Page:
115th Annual Conference - Honolulu, Hawaii
Friday, November 10 - Sunday, November 12, 2017

Acts of Resistance: Vegan Studies and the 2016 U.S. Presidential Election

Laura Wright, Western Carolina University

This paper aims to further the trajectory of vegan studies as a mode of politically engaged scholarly inquiry via a theoretical examination of the overt focus on veganism and tacit fear of politicized eating that played a role in the 2016 U.S. presidential election.

 

Proposal: 

 

In my most recent monograph, The Vegan Studies Project: Food, Animals, and Gender in the Age of Terror (U of Georgia P, 2015), I established the field of vegan studies as a product of the discourse of vegan representation as it is situated within and outside of extant conceptions of food studies, animal studies, and animal welfare/rights/liberation. I worked to unpack the tension between the dietary practice of veganism and the manifestation, construction, and representation of vegan identity as created by vegans and simultaneously interpreted and, therefore, reconstituted by and within contemporary media, specifically in the U.S.

 

In “Awakening to the Politics of Food: Politicized Diet as Social Identity,” Chelsea Chuck, Samantha A. Fernandes, and Lauri L. Hyers examine the reality that food in the U.S. has “controversial roots in the early global food trade, colonial expansion, and the industrial revolution.”[1] They recognize that food in the U.S. is necessarily a political issue that is, as I am asserting, an enmeshed discourse, “tied to the exploitation of food producers, abuse of animals, environmental destruction, serious health care issues, and unfair distribution that at its worst leads to ‘food deserts,’ food scarcity, and mass starvation.”[2] Based on their study, people who are politicized around food experience their politicization as relegating them to “a marginal status,” which means that they “go through similar encounter awakenings as do individuals politicized about race and gender, and they perceive this to be part of their identity.”[3]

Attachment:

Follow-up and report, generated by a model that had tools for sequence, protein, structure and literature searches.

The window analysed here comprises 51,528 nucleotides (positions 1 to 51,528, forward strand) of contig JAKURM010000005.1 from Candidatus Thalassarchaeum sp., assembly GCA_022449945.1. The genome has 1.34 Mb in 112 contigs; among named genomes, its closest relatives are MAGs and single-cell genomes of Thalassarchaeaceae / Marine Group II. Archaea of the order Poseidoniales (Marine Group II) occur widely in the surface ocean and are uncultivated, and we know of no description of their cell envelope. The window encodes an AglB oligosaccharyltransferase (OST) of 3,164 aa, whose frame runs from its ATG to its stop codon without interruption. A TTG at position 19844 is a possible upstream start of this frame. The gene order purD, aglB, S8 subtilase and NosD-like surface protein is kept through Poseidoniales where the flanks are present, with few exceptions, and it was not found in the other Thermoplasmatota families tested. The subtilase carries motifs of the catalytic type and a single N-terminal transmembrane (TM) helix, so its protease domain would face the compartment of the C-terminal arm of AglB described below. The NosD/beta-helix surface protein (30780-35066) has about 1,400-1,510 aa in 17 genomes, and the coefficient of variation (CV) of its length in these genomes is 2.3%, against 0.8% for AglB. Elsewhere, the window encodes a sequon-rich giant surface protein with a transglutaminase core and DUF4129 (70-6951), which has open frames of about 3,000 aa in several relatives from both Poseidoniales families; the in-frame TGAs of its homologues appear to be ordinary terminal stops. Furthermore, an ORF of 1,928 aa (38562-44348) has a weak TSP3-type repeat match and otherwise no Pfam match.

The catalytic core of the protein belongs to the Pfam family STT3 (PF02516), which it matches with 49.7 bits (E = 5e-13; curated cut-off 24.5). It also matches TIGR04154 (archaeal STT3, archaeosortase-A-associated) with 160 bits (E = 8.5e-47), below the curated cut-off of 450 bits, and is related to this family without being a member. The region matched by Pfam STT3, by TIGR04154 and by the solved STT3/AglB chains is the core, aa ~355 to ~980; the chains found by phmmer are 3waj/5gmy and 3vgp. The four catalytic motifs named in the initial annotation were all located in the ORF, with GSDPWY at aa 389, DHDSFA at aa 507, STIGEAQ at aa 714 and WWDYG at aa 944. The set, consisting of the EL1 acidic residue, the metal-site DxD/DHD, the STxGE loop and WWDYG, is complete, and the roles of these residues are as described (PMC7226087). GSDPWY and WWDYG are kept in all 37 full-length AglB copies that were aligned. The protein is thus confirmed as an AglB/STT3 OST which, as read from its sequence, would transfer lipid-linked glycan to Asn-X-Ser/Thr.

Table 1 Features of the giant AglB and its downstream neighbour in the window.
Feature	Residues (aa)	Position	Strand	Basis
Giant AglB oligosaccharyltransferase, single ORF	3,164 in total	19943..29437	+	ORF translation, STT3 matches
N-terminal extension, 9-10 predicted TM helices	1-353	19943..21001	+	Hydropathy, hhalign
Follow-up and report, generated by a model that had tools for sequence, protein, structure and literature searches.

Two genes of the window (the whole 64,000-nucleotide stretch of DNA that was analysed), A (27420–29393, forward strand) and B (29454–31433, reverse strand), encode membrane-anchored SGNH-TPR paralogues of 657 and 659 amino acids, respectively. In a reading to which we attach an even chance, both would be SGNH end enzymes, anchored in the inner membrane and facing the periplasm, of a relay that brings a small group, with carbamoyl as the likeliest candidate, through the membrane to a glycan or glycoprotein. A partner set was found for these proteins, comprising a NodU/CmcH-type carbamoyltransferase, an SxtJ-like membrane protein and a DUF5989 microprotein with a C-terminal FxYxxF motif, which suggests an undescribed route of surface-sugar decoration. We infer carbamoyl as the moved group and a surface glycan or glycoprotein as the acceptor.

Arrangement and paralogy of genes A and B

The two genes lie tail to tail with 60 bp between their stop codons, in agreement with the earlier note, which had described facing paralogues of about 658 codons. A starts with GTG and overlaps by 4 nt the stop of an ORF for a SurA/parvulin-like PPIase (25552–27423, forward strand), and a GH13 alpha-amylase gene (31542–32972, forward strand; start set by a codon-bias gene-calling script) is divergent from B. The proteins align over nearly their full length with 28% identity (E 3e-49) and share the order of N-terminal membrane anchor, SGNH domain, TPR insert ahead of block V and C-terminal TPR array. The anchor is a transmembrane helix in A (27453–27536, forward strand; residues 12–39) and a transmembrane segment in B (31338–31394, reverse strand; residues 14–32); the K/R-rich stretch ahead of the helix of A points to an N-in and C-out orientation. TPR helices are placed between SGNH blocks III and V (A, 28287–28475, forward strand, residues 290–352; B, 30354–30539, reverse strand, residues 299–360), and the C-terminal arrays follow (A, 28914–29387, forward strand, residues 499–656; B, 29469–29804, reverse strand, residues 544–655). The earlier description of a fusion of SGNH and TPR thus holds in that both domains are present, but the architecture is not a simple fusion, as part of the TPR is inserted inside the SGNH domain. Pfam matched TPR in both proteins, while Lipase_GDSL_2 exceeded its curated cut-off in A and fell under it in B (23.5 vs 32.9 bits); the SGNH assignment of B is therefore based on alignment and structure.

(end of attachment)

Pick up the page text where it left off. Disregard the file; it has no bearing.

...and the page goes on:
In other words, food politicization places politicized eaters at willing risk of the kind of marginalization that potentially invites alienation and, at the most extreme, harm. In this essay, I hope first to trace my historical and personal understanding of vegan studies as it emerged – unnamed – somewhere around 2003, when I was working on my doctoral dissertation on the works of South African novelist J.M. Coetzee – and then to further the trajectory of vegan theory as a mode of politically engaged scholarly inquiry that recognizes veganism as a practice, identity category, and a set of cognitive co-ordinates[4] via a theoretical inquiry into the often overt focus on veganism and tacit fear of politicized eating that played a role in the 2016 U.S. presidential election of Donald Trump.


[1] Chelsea Chuck, Samantha A. Fernandes, and Lauri L. Hyers, “Awakening to the Politics of Food: Politicized Diet as Social Identity,” Appetite 107 (2016): 425.

 

[2] Ibid.

 

[3] Ibid., 434.

 

[4] I’m pulling this language from the call for papers for the Toward a Vegan Theory conference that took place at the University of Oxford in May of 2016.

 

Topic Area: